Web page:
She noticed his scent first. From the time she’d discovered boys, Frankie had been fascinated by the way that they smelled, especially the ones vain or confident enough to wear cologne. So distinctly male and so very different from girls. The one on her right smelled like spices. Spices and something else – something – raw. As she stole glances out of the corner of her eye, her attention was continually drawn to his hands with their long, blunt fingers since he couldn’t seem to stop idly slapping his leather gloves against his palm. He was very tall, the leg crossed at the ankle seemed to go on forever and his broad shoulders filled the corner of the car as he leaned against it. He took up a lot of space and the other passengers seemed to instinctively give him a wide berth. Thick, dark hair fell over the upturned collar of his shearling-lined suede peacoat. “Gucci, unless I miss my guess,” she thought. Frankie spent almost as much time perusing GQ as she did Vogue.

His hair was brushed back away from his face and coupled with the firm set of his jaw and his long straight nose, it gave him an imposing profile. Frankie found herself unable to stop licking her lips.

She thought he glanced in her direction once or twice, but she couldn’t be sure since she couldn’t see his eyes behind the green tint of his aviator shades. It suddenly felt very important to know if that crooked smile, really more of a smirk, was for her or if he just naturally thought wicked thoughts.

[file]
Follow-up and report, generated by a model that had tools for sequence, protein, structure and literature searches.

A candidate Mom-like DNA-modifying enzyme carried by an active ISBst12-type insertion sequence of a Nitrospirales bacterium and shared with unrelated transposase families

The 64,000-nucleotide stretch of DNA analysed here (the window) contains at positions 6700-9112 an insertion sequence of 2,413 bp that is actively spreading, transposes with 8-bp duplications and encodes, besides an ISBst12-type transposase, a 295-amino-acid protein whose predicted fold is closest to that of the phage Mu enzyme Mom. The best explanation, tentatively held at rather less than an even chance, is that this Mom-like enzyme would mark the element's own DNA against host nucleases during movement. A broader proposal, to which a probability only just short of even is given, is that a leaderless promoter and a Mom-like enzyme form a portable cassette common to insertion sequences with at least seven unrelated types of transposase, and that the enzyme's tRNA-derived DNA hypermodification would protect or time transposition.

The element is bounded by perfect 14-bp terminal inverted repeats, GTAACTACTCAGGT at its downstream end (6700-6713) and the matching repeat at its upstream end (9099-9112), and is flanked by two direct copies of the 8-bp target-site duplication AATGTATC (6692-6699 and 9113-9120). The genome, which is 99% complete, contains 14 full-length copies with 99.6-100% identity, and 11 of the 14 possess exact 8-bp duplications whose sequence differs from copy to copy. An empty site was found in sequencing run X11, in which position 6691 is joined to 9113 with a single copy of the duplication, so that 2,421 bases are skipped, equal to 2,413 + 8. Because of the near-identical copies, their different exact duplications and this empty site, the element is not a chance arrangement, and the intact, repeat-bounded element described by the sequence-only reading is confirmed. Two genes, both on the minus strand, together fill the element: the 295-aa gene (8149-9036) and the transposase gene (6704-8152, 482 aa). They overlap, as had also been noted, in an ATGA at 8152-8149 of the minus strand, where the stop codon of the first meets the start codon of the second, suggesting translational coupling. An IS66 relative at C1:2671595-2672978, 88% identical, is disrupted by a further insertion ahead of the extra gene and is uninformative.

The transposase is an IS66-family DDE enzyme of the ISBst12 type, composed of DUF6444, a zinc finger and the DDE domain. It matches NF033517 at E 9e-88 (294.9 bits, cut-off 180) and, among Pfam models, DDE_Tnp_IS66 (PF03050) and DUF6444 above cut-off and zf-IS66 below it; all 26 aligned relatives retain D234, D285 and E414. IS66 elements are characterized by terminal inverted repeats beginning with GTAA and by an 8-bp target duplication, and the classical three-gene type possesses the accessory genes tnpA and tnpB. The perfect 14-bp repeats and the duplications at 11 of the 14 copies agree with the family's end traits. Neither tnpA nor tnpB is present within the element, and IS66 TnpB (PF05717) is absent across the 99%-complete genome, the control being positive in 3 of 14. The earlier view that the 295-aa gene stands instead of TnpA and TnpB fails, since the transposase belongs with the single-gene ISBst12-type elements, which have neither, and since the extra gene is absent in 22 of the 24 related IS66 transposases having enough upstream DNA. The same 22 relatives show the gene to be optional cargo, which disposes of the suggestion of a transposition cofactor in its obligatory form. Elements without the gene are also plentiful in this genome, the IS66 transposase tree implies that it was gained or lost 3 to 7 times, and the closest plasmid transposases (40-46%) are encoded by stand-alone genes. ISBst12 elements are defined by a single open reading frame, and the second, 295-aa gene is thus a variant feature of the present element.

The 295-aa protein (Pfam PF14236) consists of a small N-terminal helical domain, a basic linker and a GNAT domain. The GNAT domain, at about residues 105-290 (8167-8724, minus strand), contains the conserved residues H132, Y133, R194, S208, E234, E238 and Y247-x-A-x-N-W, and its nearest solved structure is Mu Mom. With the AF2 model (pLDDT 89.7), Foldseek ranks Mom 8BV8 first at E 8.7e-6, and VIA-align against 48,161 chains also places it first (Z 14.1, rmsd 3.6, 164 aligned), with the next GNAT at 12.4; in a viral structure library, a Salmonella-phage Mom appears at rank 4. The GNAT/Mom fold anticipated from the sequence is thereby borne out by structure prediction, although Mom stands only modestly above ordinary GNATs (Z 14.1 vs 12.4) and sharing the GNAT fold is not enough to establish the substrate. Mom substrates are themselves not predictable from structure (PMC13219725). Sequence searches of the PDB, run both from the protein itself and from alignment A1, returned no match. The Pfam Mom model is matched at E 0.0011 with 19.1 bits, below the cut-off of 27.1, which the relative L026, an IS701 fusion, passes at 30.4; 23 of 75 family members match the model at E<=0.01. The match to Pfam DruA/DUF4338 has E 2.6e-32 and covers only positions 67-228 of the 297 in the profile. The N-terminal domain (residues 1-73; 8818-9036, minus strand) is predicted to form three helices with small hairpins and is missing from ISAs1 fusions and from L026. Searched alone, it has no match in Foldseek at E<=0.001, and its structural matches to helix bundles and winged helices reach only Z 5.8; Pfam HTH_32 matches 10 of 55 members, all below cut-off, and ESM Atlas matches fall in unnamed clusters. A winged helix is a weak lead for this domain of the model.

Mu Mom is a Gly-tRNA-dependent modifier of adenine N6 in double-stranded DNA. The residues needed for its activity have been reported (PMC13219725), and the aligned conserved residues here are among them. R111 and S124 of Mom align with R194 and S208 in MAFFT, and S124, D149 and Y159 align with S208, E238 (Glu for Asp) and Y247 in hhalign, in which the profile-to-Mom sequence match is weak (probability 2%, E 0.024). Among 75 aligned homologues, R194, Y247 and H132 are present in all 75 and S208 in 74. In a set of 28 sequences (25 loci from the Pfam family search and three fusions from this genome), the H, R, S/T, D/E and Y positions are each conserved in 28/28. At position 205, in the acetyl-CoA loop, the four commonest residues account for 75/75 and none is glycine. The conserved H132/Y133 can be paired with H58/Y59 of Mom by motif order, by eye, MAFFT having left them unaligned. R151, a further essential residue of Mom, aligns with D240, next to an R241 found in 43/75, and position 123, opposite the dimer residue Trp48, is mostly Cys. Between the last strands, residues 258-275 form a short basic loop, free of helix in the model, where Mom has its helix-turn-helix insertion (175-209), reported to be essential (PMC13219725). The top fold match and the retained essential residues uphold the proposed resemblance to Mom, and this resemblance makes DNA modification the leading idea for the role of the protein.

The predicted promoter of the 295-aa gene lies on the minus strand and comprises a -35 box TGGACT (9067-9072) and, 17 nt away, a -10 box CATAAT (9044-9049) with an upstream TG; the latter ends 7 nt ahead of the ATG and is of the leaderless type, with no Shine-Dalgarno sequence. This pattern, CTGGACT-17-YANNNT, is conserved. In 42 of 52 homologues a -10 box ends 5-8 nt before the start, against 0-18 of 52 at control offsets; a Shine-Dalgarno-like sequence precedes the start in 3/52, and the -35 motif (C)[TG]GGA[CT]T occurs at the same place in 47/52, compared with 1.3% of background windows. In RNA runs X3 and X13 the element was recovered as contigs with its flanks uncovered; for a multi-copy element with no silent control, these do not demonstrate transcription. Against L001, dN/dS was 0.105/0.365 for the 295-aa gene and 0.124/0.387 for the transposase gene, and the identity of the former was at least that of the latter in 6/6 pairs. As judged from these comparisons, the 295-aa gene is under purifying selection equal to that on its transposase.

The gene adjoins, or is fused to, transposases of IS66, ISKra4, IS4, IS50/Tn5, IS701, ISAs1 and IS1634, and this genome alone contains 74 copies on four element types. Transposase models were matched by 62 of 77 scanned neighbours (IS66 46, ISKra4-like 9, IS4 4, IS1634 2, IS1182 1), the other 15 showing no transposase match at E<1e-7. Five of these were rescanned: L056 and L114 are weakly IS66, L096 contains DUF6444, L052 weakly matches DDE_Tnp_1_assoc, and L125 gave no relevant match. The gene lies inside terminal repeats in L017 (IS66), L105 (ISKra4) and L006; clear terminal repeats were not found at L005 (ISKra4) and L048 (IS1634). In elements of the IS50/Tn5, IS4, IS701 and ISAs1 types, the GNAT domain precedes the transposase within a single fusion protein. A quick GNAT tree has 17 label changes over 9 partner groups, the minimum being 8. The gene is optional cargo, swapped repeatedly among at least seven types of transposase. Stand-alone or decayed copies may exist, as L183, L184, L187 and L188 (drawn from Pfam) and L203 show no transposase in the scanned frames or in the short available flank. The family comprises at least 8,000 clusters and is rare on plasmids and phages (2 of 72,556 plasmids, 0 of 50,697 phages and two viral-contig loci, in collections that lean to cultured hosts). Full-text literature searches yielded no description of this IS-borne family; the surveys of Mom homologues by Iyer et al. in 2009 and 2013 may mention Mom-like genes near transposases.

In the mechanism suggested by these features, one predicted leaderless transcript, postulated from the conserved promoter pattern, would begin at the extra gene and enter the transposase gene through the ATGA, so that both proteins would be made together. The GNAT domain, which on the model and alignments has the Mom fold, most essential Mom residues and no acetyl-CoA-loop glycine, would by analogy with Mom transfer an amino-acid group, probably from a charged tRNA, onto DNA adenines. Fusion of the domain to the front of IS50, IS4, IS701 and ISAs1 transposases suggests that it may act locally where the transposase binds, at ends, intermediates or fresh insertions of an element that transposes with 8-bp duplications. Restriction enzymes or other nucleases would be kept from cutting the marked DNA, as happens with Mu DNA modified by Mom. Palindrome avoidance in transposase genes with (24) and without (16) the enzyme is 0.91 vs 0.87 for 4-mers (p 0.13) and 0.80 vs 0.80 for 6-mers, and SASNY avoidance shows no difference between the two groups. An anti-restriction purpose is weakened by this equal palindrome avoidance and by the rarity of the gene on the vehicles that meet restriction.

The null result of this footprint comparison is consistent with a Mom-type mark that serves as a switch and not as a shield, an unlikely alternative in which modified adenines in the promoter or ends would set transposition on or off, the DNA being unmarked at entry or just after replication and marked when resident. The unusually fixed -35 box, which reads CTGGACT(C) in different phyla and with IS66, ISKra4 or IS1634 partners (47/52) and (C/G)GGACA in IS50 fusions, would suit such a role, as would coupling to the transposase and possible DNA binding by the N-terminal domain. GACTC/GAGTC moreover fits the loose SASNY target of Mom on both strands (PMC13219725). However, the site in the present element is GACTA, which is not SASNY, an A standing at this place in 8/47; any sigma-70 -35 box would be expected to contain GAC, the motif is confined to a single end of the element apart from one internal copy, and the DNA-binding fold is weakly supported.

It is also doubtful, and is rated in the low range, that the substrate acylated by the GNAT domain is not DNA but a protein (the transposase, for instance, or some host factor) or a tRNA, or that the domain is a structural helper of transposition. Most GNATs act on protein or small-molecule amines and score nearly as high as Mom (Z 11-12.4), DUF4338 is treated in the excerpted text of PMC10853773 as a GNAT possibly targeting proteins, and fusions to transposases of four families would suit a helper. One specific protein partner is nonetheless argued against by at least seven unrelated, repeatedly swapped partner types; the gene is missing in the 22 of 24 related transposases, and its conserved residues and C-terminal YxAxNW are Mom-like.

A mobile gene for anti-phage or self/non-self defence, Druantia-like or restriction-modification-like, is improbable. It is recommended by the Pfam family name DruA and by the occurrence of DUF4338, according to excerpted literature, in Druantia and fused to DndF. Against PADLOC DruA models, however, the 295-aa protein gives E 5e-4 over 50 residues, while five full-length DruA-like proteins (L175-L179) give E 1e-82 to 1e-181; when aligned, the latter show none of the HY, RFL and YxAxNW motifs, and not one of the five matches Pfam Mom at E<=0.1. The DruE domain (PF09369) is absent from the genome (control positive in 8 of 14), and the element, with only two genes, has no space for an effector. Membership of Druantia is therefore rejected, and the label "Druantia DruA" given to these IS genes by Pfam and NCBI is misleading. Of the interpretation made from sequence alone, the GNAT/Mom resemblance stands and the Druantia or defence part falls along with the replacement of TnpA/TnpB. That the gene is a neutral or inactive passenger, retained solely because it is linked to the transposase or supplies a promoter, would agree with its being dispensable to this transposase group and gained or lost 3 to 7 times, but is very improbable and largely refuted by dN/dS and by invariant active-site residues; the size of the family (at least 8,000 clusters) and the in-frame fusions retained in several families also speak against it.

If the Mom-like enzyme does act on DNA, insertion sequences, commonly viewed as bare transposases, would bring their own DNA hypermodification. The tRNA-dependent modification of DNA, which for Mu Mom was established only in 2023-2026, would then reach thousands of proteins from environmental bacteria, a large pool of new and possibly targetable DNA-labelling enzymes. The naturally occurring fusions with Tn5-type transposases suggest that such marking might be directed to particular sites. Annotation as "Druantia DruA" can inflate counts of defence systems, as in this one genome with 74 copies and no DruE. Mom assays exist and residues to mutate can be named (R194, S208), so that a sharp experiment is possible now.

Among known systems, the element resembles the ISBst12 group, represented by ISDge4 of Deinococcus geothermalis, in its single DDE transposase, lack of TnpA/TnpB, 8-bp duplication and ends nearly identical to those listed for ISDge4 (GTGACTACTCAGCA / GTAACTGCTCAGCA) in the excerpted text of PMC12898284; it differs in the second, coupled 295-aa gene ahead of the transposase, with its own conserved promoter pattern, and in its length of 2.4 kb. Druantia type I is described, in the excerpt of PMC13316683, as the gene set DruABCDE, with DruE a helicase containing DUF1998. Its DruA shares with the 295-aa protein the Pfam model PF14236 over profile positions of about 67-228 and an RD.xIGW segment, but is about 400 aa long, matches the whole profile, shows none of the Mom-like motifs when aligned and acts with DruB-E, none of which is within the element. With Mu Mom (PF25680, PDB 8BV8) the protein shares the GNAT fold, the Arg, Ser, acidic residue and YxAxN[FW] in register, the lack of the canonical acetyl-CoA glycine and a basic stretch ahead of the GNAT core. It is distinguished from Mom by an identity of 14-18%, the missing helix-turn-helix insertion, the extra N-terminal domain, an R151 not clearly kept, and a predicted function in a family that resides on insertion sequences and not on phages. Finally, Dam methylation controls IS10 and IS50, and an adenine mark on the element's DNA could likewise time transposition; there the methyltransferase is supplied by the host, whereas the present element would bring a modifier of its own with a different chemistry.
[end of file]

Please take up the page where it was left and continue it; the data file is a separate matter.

When the doors opened on the 23rd floor, the man pushed off of the fake wooden veneer of the wall and stepped out.

Frankie let go of a breath and told herself to “get a grip” as the doors closed one more time. As she stepped out on 24, the evil little voice in her head reminded her who she was going to meet and to focus on the task at hand.

Palmer Ross was one of the lucky few. As a result of his recent higher profile, he had an actual office. It didn’t have a window, but at least it wasn’t a cubicle. He shared a secretary with five other Special Agents in Charge on this floor. As Frankie approached her desk, the woman gave her a smile and announced her arrival without being asked. A moment later, Palmer’s door opened and he came out to greet her, his shirtsleeves rolled up to his elbows, as if he’d already been there for hours.

“Hey Kitten! There you are.” He kissed her cheek. “Damn, I was hoping you were gonna stop for coffee on your way up.”

Frankie’s face flushed. “Palmer, please don’t call me Kitten,” she spoke quietly, unwilling to embarrass him even if he felt no such compunction. “Especially not here. It’s demeaning.”

Ignoring her, he ushered her into his office with an insistent hand at the small of her back. “C’mon in Kitten, I wanna give you some more background on this guy. Did you do your homework?”

As his door closed, the secretary rolled her eyes at another agent who just shook his head and kept walking.

Thirty minutes later, Palmer escorted Frankie back down to the 23rd floor and through a series of warren-like hallways to a non-descript door next to what appeared to be a large window. Palmer nodded to the agent standing at the door who nodded back before he left, and raised the blinds on the one-way glass. The subject of today’s “interview” was already seated inside the room and impatiently checking his watch.

“Doesn’t look like much, does he?”

“Holy crap,” Frankie gasped. It was the man from the elevator.